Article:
State Route 96 is the only paved road into and out of the remote rural community of Weitchpec. | Photos by Ryan Burns
On the back deck of the Yurok Tribe’s Weitchpec Office, flames jump through a metal grate to lick the sizzling burger patties being grilled for tonight’s community meeting. Fixings have been arranged on a portable table on the grass below — buns, condiments and foil-covered bowls of veggies, potato salad and baked beans. At the far end of the table a bowl of fresh-cut strawberries sits beside plastic-wrapped shortcake rounds and three red-capped cans of whipped cream.
The tribal office also serves as a community center and sits on a verdant bluff above the confluence of the Klamath and Trinity rivers. It’s a warm, overcast Friday evening in Weitchpec, a community of about 150 people in one of the most remote regions of the country. Tonight, a couple dozen residents have gathered at this barbecue to talk about suicide.
It’s been more than four months since the Yurok Tribe declared a state of emergency in response to the self-inflicted deaths of seven tribe members over an 18-month period. The victims were all young, ranging in age from 16 to 32. And while the Yurok Tribe is California’s largest, with more than 5,000 members and a reservation covering nearly 56,000 acres, the victims were all from this particular tiny and isolated rural community.
The only paved road into and out of Weitchpec is State Route 96, a two-lane roadway that winds along the Klamath and Trinity rivers through the Karuk, Yurok and Hoopa tribal reservations.
From this road you’d never know people live in the densely forested hills if not for the tribal office on the river’s north bank and, across the narrow bridge spanning the river, a small church and a convenience store with two old gas pumps out front.
Flyers posted on bulletin boards in front of the store reveal a lot about local life. There are workshops for animal tracking, community gardening and the Yurok language (which has made a remarkable comeback from near-extinction). There are also flyers advertising drug treatment groups and a syringe exchange. A hand-written flyer demands the return of Ted’s stolen gas can and LeRoy’s bike. Another reads, “NO MORE HEROIN METH/PILLS.”
Tonight’s suicide prevention meeting has a flyer, too.
In a community where the nearest grocery store is an hour away (assuming you have access to a car), and where many homes lack internet, cell service and even electricity, self-reliance is key to survival — sometimes literally. (It can take two hours or more for an ambulance to get injured locals to the nearest hospital.)
That’s why, after the recent rash of suicides in the area, Daniel French decided to take matters into his own hands. Sitting at a wooden picnic table next to the barbecue grill, French, a large, soft-spoken man wearing a crocheted cap with a traditional Yurok pattern, has lived in Weitchpec his whole life, just like his mother and grandmother before him. And he’s gravely worried about the younger generations.
“My son was one of the people who committed suicide,” he says quietly, eyes cast downward. His son was Damien French, a father of three girls who was 32 when he took his own life. In an unrelated tragedy shortly thereafter, Daniel French’s 18-year-old grandson, a firefighter, drowned in the Trinity River.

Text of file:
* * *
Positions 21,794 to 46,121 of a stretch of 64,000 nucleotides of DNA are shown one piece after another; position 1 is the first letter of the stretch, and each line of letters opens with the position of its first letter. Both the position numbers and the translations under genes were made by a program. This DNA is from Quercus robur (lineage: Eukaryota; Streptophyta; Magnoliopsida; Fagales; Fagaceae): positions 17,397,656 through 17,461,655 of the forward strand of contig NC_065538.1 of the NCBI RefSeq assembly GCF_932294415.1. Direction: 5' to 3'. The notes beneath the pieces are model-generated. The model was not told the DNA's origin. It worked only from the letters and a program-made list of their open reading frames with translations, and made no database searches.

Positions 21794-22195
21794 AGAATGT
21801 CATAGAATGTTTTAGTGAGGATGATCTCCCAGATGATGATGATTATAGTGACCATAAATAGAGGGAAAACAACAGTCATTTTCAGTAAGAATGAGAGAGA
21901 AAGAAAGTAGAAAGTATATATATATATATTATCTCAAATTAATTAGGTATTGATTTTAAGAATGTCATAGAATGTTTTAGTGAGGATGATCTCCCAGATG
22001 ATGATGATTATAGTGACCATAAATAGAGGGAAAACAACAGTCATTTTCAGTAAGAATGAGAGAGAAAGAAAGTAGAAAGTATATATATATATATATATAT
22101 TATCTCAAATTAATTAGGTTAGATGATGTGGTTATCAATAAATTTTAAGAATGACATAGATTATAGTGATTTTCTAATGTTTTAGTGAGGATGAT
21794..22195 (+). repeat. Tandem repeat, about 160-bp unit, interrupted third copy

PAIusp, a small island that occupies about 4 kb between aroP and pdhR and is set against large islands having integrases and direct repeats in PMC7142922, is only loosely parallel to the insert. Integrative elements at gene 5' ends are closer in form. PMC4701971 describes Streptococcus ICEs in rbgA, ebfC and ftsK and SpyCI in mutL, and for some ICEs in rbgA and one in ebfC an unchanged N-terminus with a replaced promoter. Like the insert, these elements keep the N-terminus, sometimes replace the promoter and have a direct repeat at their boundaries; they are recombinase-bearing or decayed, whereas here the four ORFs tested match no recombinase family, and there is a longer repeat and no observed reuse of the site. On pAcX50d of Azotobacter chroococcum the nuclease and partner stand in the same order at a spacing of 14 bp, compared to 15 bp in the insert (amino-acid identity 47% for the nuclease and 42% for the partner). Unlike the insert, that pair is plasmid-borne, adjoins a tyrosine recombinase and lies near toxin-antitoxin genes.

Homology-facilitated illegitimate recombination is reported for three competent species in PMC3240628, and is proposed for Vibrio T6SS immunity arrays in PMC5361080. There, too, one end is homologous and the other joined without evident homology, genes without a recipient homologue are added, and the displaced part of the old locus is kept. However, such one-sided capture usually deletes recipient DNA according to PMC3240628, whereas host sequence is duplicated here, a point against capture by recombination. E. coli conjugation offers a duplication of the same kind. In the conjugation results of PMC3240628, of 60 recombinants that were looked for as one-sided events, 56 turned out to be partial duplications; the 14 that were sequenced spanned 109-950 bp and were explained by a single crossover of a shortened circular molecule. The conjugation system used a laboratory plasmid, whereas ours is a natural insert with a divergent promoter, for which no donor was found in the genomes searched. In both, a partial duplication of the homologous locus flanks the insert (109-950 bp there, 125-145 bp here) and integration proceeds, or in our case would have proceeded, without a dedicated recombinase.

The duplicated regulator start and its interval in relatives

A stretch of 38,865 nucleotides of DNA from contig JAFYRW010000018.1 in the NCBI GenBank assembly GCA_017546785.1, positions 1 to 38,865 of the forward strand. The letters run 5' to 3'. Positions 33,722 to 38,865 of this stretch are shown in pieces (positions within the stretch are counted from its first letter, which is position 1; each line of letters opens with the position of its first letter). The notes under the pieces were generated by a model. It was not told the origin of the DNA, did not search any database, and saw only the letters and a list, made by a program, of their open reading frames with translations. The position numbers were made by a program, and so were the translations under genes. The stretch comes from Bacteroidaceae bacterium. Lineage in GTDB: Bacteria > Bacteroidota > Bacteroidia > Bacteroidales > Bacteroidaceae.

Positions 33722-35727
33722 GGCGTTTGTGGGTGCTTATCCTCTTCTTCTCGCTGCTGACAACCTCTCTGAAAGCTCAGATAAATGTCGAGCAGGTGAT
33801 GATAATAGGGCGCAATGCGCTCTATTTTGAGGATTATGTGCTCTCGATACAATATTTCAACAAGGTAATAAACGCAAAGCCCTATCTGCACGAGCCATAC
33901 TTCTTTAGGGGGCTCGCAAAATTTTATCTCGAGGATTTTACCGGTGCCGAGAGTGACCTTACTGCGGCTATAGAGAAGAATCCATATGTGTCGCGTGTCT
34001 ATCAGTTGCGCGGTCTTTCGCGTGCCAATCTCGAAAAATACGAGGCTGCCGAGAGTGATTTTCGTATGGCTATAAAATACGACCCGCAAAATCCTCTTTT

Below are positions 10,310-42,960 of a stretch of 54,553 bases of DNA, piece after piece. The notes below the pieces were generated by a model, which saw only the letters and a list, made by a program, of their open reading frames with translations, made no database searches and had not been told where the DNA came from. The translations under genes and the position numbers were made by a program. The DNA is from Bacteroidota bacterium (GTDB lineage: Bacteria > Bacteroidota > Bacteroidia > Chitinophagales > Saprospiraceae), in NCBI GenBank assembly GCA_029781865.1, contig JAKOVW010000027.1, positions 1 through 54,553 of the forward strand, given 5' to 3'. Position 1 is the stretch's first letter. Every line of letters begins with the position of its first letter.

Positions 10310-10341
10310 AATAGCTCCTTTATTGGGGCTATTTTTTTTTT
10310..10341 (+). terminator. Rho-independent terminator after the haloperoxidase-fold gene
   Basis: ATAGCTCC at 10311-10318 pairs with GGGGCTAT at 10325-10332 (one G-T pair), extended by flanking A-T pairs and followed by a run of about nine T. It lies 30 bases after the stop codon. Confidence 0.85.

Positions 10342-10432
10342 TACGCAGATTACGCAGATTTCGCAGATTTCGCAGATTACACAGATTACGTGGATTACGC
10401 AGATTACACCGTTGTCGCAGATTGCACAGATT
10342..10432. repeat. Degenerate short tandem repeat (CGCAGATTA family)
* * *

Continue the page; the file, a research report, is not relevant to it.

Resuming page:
“And then my other cousin up here committed suicide,” French continues. “Two brothers committed suicide along with [one brother’s] girlfriend.”
Almost everyone you talk to in Weitchpec has stories like this, about brothers, cousins, nephews or sons who have killed themselves. “Somebody needed to do something,” French says.
He rifles through some paperwork and pulls out a stack held together with a paper clip.
“There’s roughly 250 people in town here,” he says, referring to the larger upriver area of the Yurok Reservation. “And after I wrote that up [in December] I got 215 signatures in three days.”
The front page of the packet is a handwritten statement in French’s elegant blue cursive. It mentions the seven recent deaths and calls on tribal leaders to address the issue:
There is a suicide epidemic going on among young people who feel they have no hope for the future. They love their home and most want to stay here, but the lack of training opportunities, jobs or even recreational facilities invites unhealthy behaviors and feelings of despair.
The people in this community need to feel like someone cares about what’s happening here. They urgently need your attention and your help.
On December 28, the Yurok Tribal Council issued an emergency declaration, describing the situation as a suicide crisis and calling on “all federal, state, local, and tribal emergency management agencies” to coordinate an immediate response. The declaration was sent to numerous agencies and government officials including California Governor Jerry Brown and President Barack Obama.
In January the tribe sent out a press release describing the scope of the problem. It explained, in part, that most of the Yurok Tribe’s therapeutic resources are based at the tribal headquarters in the small town of Klamath, located at the river mouth, on the other end of the reservation. “The only paved road connecting the east and west sides of the rural reservation was washed away in the 1960s and the state highway was never replaced,” the release explains. “Driving from one side of the reservation to the other takes about two hours, including a long stint on a dirt road that is sometimes covered in snow.”